If you are familiar with our blog, you'll know Microsoft Autoroute features heavily in our route planning and navigation. For every mile of the 23,044 miles we drove during our 12 month tour we had a laptop mounted on our dashboard plotting our position and the location of nearby points of interest and overnight stopovers.

Last year I spent the best part of a day compiling and formatting a data set in Microsoft Excel for use with Autoroute. Over 130,000 lines of information were formatted as hyperlinks to take you direct to where the information was displayed online from several sources. It has been downloaded more than 10,000 times - so at least I know I'm not alone. If you were one of them - please complete the poll at the bottom of this blog post and let me know if you'd download a 2015 version.

However on the 31st December 2014 you will no longer be able to buy Microsoft Autoroute via the online Microsoft Store. It also seems that all of the CD copies have dried up too and so if you want it you need to act fast, buy online and once downloaded ensure you backup the installation files as I'm not sure you'll be able to access them again. The US equivalent, 'Streets and Trips' which has also been embraced by the American RV are also mourning their loss.

An extract from the official statement (which also covers Map Point / Streets and Trips - Autoroute by other names) reads:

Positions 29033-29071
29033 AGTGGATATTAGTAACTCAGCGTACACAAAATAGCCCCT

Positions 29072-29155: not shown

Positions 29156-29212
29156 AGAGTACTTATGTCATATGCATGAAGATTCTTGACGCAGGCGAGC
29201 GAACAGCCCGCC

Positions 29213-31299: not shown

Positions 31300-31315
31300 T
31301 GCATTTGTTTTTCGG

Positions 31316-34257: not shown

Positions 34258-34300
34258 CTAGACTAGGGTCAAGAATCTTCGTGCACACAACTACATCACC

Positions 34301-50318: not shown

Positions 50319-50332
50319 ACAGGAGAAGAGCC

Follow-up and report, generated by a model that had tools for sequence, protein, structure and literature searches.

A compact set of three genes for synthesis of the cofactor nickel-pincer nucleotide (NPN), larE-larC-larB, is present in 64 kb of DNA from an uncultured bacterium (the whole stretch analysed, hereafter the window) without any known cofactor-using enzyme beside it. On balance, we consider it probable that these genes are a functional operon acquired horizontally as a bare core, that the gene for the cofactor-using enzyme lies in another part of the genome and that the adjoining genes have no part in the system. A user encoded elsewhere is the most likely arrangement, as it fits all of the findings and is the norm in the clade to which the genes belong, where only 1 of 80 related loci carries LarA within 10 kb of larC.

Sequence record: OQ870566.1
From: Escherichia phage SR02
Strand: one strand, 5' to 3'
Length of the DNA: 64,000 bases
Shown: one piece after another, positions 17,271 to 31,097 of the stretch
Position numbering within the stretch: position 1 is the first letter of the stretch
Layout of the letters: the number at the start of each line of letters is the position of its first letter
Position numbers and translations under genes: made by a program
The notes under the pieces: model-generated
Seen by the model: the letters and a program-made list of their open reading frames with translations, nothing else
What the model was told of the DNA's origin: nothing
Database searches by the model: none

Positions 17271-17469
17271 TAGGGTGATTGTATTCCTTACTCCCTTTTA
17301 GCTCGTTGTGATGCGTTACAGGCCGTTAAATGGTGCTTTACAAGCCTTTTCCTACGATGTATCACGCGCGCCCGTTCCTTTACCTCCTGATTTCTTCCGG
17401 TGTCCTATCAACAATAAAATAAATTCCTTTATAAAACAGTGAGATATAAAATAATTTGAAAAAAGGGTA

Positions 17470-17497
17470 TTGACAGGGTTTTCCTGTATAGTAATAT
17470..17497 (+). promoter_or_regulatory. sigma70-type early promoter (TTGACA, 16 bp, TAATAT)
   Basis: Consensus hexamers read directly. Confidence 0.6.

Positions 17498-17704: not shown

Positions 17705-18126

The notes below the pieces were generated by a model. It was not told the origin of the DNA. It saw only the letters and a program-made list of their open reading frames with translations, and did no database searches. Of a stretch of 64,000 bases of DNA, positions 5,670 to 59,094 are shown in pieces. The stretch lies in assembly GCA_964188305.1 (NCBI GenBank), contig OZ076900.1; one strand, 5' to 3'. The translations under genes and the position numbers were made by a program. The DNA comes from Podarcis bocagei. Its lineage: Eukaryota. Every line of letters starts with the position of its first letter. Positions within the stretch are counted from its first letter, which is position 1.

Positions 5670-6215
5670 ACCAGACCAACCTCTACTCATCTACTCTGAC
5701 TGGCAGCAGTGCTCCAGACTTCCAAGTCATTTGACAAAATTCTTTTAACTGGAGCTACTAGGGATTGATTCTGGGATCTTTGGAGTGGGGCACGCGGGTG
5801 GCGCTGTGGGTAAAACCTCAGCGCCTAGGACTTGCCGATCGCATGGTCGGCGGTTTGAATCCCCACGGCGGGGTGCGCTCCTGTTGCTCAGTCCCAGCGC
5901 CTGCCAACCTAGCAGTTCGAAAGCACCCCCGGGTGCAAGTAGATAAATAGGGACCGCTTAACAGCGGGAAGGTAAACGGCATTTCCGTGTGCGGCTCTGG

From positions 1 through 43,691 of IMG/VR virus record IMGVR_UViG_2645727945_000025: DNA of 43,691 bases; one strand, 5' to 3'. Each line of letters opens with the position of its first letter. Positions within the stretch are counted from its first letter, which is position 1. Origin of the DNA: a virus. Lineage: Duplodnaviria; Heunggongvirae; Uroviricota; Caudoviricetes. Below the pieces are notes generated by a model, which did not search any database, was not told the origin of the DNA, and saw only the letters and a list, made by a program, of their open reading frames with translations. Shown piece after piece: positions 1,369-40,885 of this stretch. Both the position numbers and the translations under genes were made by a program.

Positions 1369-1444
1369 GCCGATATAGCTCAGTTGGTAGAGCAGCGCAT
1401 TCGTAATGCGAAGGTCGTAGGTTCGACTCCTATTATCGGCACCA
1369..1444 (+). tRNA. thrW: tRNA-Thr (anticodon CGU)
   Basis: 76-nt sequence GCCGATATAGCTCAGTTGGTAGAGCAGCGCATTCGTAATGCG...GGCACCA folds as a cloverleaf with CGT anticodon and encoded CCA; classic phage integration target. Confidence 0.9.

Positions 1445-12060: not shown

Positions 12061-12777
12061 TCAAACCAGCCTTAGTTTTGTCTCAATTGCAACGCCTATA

"The success of these products would never had happened were it not for the loyal and supportive fans who purchased the product and its various iterations over the years,” shares Larry Petersen, test lead for Microsoft Streets & Trips. “Speaking at RV rallies over the years, I’ve loved hearing about our avid customers’ experiences using the software to plan and enjoy road trips across North America. The feedback and enthusiasm from our users have helped make Microsoft travel planning software a leading solution for nearly twenty years.”

We so appreciate the support of our dedicated users over the years. It was a tough decision to discontinue Microsoft’s favorite mapping software products. The retirement of these products will not affect software already installed. Current users may continue to use Microsoft AutoRoute, Microsoft Streets & Trips and Microsoft MapPoint to plan their travel adventures and will have online support until at least July 2015."

If you've never used Autoroute you'll be wondering what the fuss is about. It doesn't work on iPads/Tablets or phones or even Mac computers. If you want to use it for navigation you have to buy an external USB GPS dongle. If it was purely navigation you are after then I concede that there are better devices or software available to perform that task.

However if you want to handle a lot of POI (Point of Interest) data from several sources in a single screen and have full control over those data sets there isn't really a piece of software which can deliver this in the same way. I've always said that a 'Sat Nav' is great at telling you where you are going - but not so great at telling you where you are in relation to points of interest and I don't like the way in which high volume data is formatted and displayed on these devices. In addition, how many times has your TomTom or Garmin deviated you off a main road just to 'cut off a corner'? Having a secondary map view means we have been able to avoid this. It also means that the passenger doesn't have to mentally plot their position on a paper map - their exact position is displayed on screen.